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Stark v. Colvin

United States District Court, N.D. Iowa, Cedar Rapids Division

February 27, 2014

LEOLA STARK, Plaintiff,


EDWARD J. McMANUS, District Judge.

Plaintiff brings this action seeking judicial review of the Commissioner's denial of her application for social security disability income benefits and supplemental security income benefits. Briefing concluded January 13, 2014. The court has jurisdiction pursuant to 42 USC §405(g). Reversed and remanded for further consideration.

Plaintiff claims disability due to cervical degenerative disc disease, bilateral carpal tunnel syndrome, diabetes mellitus, hepatitis C, glaucoma, emphysema, renal artery aneurysms, and mental health limitations. She asserts the Administrative Law Judge (ALJ) failed to accurately assess and weigh her physical limitations and failed to sufficiently develop the record so as to properly asses her mental health. Accordingly, she asserts that the Commissioner's decision is not supported by substantial evidence on the record as a whole.

[R]eview of the agency decision is limited to whether there is substantial evidence on the record as a whole to support the [Commissioner's] decision... Substantial evidence is less than a preponderance, but enough so that a reasonable mind might find it adequate to support the conclusion.

Robinson v. Sullivan , 956 F.2d 836, 838 (8th Cir. 1992.)

The court finds that although the findings of the ALJ on the physical limitations of the plaintiff are supported by the record, the record has not been sufficiently developed as to the plaintiff's mental disabilities, including the effects of her substance abuse. The ALJ made a medical assessment that plaintiff is not limited by her mental health. The ALJ acknowledges that plaintiff does have a diagnosis of depression in the record, but nonetheless finds no disability on this grounds, stating only that "it is unclear of the reliability of those statements and their basis in mental/medical conditions other than her ongoing alcohol abuse." (TR 17.) This is a medical opinion of the ALJ and the record has no expert medical opinion regarding plaintiff's mental limitations to support it. Pratt v. Sullivan , 956 F.2d 830, 834 (8th Cir. 1992). "[T[he RFC is ultimately a medical question that must find at least some support in the medical evidence of record." Masterson v. Barnhart , 363 F.3d 731, 738 (8th Cir. 2004.) The Social Security Administration provides within their regulations that a consultative examination may be purchased in these circumstances, 20 C.F.R. § 416.919a(A)(b), and is required when "[t]he additional evidence is not contained in the records of your medical sources." 20 C.F.R. § 404.1519a(b)(1). There is no consultative examination in this case, and there is no other support for such a finding on plaintiff's mental health. The ALJ could not have made an informed decision about the claimant's mental residual functional capacity under these circumstances without a consultative examination. Byound v. Sullivan , 960 F.2d 733, 736 (8th Cir. 1992).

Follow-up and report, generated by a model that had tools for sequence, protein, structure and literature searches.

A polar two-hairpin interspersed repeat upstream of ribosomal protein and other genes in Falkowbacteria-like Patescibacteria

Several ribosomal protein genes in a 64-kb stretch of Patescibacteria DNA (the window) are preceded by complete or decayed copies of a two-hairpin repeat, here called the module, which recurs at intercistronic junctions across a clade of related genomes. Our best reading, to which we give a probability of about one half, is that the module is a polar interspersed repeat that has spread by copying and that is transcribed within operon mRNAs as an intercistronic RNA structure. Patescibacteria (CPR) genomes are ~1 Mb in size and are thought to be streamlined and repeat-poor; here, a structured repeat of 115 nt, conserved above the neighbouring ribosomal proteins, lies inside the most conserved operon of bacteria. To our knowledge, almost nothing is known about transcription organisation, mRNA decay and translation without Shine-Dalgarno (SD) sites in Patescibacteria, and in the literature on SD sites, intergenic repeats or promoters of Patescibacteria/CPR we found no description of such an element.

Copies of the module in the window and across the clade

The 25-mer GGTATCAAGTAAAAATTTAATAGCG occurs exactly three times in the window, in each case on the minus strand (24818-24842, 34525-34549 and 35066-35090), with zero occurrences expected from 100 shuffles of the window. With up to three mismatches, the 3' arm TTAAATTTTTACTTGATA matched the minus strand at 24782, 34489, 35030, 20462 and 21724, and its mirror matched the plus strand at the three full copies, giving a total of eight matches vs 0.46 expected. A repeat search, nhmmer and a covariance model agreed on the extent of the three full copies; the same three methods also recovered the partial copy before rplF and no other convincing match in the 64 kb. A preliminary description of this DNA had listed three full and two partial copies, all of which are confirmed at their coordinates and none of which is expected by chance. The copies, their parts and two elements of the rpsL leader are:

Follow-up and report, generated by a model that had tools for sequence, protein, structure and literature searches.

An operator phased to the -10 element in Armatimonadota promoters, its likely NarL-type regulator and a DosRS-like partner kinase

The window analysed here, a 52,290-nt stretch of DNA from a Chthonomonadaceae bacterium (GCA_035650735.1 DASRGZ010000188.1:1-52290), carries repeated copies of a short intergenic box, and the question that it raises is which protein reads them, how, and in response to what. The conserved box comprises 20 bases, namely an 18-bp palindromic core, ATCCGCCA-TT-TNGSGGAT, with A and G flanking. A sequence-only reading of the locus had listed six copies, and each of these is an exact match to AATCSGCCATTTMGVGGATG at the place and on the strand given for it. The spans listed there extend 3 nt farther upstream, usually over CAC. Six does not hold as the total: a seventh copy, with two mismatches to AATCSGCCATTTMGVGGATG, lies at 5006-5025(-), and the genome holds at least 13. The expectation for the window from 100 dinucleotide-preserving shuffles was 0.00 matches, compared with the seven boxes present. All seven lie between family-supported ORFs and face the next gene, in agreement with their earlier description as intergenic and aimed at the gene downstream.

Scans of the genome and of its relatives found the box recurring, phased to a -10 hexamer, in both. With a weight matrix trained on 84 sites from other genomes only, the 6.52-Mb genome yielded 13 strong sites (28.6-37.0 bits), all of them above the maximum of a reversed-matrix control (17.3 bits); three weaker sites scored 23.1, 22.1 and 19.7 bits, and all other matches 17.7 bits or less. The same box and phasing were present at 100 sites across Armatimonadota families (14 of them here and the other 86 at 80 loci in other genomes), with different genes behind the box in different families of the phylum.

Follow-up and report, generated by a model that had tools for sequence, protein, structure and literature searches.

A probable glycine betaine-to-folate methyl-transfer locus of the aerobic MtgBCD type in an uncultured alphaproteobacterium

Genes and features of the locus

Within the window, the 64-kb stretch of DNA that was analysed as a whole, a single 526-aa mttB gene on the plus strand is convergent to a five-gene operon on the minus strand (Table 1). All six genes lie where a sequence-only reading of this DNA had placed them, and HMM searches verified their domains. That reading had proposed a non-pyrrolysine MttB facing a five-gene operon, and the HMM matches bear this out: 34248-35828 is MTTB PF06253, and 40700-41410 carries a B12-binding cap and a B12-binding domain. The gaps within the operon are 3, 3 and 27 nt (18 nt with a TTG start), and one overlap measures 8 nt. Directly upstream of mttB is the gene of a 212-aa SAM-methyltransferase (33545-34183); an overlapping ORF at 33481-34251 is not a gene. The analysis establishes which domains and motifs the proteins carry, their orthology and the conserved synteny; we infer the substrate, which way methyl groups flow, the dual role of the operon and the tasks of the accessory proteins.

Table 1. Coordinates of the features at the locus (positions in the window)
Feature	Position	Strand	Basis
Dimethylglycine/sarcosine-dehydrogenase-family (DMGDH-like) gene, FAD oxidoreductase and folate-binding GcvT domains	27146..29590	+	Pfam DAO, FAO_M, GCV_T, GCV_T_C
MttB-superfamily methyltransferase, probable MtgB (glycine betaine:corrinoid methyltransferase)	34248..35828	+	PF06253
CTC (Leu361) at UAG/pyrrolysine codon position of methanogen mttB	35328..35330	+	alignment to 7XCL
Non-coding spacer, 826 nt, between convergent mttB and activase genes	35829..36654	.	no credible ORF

Upon the foregoing, it is the court's view that the record upon which the Commissioner's decision is based is not fully developed as to plaintiff's mental health.

It is therefore


Reversed and remanded for further consideration in accordance with this opinion.

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